El Dorado Brown vibes Trolley Stop

By Joey Ferber

Photo: (l-r) Byron Crews, Jeff Friend, and John Hughes bring the blues to Trolley Stop Sept. 10

The blood runs deep through Dayton’s musical veins. For generations, Dayton has welcomed musicians unafraid to express the entire emotional spectrum, unhindered by light-heartedness or the Midwest veil of nicety that often glazes daily conversation. When it comes to emotional honesty in music, the blues epitomize the struggle and strife of daily life. While Dayton-based El Dorado Brown is relatively new to the city’s blues scene, the instrumentalists are individually seasoned in many genres. Together, they navigate the joy and pain through singing the blues in three-part harmony. El Dorado Brown is John Hughes on bass, Jeff Friend on drums, and Byron Crews on guitar.

The trio plays many styles of the blues, from urban Chicago to gut-bucket straight out of the Mississippi Delta. While traversing different forms – and with them, different histories – El Dorado Brown adds its own flavor to an already rich stew of musical expression. As a trio, the group has a distinct, stripped-down sound – an approach the three musicians haven’t always practiced. Crews and Hughes played together for years in a power trio that cranked heavy rock with a fully electrified sound, and Friend is an experienced studio drummer in the Dayton area with one solo record out and another on the way.

“I took a hiatus from music in 2004, after 20-plus years as a writer, producer, [and] engineer in several ad agencies and my own studio,” Friend says. “In 2010, I decided to get back into music, and that I’d really like to play drums in a 3-piece blues band… I’ve realized that dream with Eldorado Brown, and I feel right at home.”

“Byron and John are amazing musicians,” he adds, “and they keep me on my toes!”

Although interviewed separately, the other band members answered in sync, describing John’s playing as “really unique, and, I’m just gonna say it…inspiring. It makes my big toe shoot up in my boot.”

El Dorado Brown began to focus on the essentials of its sound, adapting to smaller rooms by relying less on electrics. Jeff often uses brushes on the drums for a softer sound that promotes listening while John plays a fretless bass – a relatively uncommon approach for the genre, which allows basslines to slip between rock and swing without losing the groove.

“You know, one of my philosophies is to play as quietly and intensely as possible,” Crews says. “When we’re playing, for me, it’s to play like I mean it…like my life depends on every note. A lot of times, blues gets pretty predictable, and I think that’s something were really sensitive to. So while working within a form, what you’re gonna hear is something that’s spontaneous, inspiring, funky, and unpredictable. That’s what I’m trying to bring, energy-wise. It’s a kind of passion to the marrow.”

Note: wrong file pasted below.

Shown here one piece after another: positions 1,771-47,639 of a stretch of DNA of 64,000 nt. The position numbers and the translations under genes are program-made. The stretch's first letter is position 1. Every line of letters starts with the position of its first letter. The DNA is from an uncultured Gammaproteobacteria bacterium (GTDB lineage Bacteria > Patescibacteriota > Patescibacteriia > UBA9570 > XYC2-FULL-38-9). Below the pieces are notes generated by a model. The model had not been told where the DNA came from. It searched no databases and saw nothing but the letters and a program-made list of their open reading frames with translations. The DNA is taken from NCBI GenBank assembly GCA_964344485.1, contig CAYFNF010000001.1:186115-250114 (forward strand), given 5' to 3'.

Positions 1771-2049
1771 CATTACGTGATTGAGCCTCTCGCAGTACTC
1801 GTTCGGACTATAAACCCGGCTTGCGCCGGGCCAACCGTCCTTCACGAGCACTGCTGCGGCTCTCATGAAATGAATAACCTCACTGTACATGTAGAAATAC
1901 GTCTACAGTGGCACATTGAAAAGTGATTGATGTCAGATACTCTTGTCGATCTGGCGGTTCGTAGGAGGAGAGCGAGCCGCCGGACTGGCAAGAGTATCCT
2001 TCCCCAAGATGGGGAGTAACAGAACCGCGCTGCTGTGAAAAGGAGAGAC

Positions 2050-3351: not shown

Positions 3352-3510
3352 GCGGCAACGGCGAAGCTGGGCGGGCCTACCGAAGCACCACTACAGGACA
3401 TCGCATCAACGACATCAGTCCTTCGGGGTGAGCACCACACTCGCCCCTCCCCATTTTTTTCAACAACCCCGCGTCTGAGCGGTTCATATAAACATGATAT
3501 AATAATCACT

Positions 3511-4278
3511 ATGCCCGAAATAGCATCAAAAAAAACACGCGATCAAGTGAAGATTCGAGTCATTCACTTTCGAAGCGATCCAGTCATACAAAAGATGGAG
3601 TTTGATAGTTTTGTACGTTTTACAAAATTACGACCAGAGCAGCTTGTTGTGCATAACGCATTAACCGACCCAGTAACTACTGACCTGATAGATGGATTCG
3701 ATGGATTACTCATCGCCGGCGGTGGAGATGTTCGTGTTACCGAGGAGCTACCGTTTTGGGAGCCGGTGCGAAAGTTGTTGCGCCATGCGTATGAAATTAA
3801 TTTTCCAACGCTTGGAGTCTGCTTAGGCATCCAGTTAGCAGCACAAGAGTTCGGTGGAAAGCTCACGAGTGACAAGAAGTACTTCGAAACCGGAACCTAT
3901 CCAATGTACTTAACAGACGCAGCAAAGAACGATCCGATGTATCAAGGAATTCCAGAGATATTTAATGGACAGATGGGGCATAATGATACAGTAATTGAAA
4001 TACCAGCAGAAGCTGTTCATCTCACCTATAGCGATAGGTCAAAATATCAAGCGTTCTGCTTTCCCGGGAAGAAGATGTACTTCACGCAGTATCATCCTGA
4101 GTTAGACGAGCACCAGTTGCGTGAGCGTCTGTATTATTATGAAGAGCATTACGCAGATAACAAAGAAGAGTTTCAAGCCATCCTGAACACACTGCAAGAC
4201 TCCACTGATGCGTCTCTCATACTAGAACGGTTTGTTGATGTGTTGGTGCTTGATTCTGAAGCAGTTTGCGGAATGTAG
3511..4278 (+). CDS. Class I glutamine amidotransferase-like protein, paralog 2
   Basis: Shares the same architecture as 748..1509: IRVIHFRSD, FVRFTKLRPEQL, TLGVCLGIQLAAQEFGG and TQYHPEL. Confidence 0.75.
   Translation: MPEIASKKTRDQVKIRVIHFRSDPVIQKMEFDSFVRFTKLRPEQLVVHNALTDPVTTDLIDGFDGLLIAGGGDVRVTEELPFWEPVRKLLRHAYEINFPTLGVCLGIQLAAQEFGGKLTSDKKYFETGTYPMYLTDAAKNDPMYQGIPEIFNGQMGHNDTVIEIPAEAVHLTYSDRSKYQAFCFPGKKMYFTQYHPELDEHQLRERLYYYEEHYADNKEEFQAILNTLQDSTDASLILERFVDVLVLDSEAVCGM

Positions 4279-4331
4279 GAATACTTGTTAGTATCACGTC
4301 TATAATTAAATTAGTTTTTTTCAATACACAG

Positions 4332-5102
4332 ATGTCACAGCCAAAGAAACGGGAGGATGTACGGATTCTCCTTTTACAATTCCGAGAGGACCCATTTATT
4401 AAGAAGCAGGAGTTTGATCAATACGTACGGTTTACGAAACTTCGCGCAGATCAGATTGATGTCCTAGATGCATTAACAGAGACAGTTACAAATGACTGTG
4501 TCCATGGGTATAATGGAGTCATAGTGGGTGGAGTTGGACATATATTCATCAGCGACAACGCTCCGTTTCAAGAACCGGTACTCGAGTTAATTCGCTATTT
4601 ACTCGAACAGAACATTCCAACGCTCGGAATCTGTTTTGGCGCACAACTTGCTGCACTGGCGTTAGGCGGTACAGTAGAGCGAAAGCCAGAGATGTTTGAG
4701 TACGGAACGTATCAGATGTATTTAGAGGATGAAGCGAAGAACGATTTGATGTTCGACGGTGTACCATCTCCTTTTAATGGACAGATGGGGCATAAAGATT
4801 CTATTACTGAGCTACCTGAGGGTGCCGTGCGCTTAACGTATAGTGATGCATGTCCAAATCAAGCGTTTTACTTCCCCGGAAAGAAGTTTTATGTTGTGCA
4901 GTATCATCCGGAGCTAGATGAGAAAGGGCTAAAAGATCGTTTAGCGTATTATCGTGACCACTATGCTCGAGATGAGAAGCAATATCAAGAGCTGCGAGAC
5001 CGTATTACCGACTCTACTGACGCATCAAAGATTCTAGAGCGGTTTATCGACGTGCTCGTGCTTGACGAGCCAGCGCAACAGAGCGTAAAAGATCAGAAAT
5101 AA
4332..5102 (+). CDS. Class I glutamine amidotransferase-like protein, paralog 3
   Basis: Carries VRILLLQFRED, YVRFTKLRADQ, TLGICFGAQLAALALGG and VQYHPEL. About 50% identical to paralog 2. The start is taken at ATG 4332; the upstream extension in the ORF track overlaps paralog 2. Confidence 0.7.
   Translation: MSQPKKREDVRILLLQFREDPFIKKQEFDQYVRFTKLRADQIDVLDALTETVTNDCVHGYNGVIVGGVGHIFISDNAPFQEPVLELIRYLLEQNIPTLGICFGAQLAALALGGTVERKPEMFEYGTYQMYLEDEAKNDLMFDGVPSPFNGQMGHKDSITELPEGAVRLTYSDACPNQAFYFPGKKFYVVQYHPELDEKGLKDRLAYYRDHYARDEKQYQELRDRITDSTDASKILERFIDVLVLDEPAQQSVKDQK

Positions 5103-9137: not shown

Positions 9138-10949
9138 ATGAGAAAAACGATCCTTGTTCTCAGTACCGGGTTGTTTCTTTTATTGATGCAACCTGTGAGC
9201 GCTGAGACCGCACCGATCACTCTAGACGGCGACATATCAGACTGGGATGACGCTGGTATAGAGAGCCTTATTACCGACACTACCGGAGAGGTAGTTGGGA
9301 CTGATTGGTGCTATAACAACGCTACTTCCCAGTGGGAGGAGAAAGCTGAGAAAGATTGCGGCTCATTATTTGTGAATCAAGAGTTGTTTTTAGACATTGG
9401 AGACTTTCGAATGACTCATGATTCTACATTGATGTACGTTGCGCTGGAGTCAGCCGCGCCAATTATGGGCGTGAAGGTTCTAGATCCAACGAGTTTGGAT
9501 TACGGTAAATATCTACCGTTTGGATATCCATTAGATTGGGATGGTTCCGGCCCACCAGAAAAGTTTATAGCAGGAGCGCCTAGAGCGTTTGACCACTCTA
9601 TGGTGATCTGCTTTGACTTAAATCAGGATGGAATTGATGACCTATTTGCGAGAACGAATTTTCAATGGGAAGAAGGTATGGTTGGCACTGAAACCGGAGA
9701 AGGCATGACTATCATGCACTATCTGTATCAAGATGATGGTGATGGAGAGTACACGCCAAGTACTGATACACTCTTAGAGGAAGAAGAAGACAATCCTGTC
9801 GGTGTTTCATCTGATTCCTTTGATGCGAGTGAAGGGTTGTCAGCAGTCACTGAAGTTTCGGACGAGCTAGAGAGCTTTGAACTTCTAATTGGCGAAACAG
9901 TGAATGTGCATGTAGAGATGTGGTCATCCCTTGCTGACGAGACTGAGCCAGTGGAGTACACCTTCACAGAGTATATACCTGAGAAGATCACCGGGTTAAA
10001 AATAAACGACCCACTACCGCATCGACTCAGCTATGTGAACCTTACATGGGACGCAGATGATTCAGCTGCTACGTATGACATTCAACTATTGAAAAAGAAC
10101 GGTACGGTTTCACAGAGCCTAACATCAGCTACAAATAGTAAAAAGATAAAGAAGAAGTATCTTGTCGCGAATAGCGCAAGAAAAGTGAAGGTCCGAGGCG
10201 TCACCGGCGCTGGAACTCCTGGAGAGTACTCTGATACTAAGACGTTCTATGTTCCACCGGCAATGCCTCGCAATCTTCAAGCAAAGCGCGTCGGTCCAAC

As a group aware of the risk of sounding trite in a genre consistently butchered by crowd-pleasing musicians, El Dorado Brown follows the feeling of the music as inspiration rather than the paycheck. “Respect” is a key word to describe them, whether it be for the instrumentalists or the music they tribute. Both Hughes and Crews are minded in reciprocity, expressing support from and of the Dayton blues scene.

When asked about personal inspiration, Hughes is quick to make it communal: “It’s the common experiences that we all have – playing music live and reacting to a given audience. You’re in a moment, the hardships, the good things, the bad things, they all come out through the pores. Some are undetectable.” Hughes and Crews say while the group intends to record a fully original project, they find purpose in every moment an audience member responds and is inspired by their sound.

And, the final question, of course, had to be about the band’s name.

“The band is based on a mythical character I imagined living somewhere deep in the Okefenokee Swamp in the South Florida,” Crews responds. “His name is actually Theodocious Eldorado Brown the Third, an alligator-wrestling, frog-eatin’ whomper-stompin’ blues master whose swamp shack was inevitably paved over by an interstate. His invincible spirit and legend live on in our band. We carry his blues torchlight forward in the venerable tradition of honoring smokin’ blues on the soul side.”

 

El Dorado Brown performs Saturday, Sept. 10, at Trolley Stop, 530 E. Fifth St. in Dayton. Show starts at 9:30 p.m. For more information, please visit eldoradobrown.com.

 

Joey Ferber works out of St. Louis and Dayton as a musician and writer. You can hear him on electric guitar with St. Louis jazz-rap collective LOOPRAT at Looprat.Bandcamp.com and on his original theme song for the Dayton-based podcast series Unwritten at UnwrittenPodcast.com, for which he also contributed to as a scriptwriter. Reach him at
JoeyFerber@DaytonCityPaper.com. 

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Joey Ferber works out of St. Louis and Dayton as a musician and writer. You can hear him on electric guitar with St. Louis jazz-rap collective LOOPRAT at Looprat.Bandcamp.com and on his original theme song for the Dayton-based podcast series Unwritten at UnwrittenPodcast.com, for which he also contributed to as a scriptwriter. Reach him at JoeyFerber@DaytonCityPaper.com.

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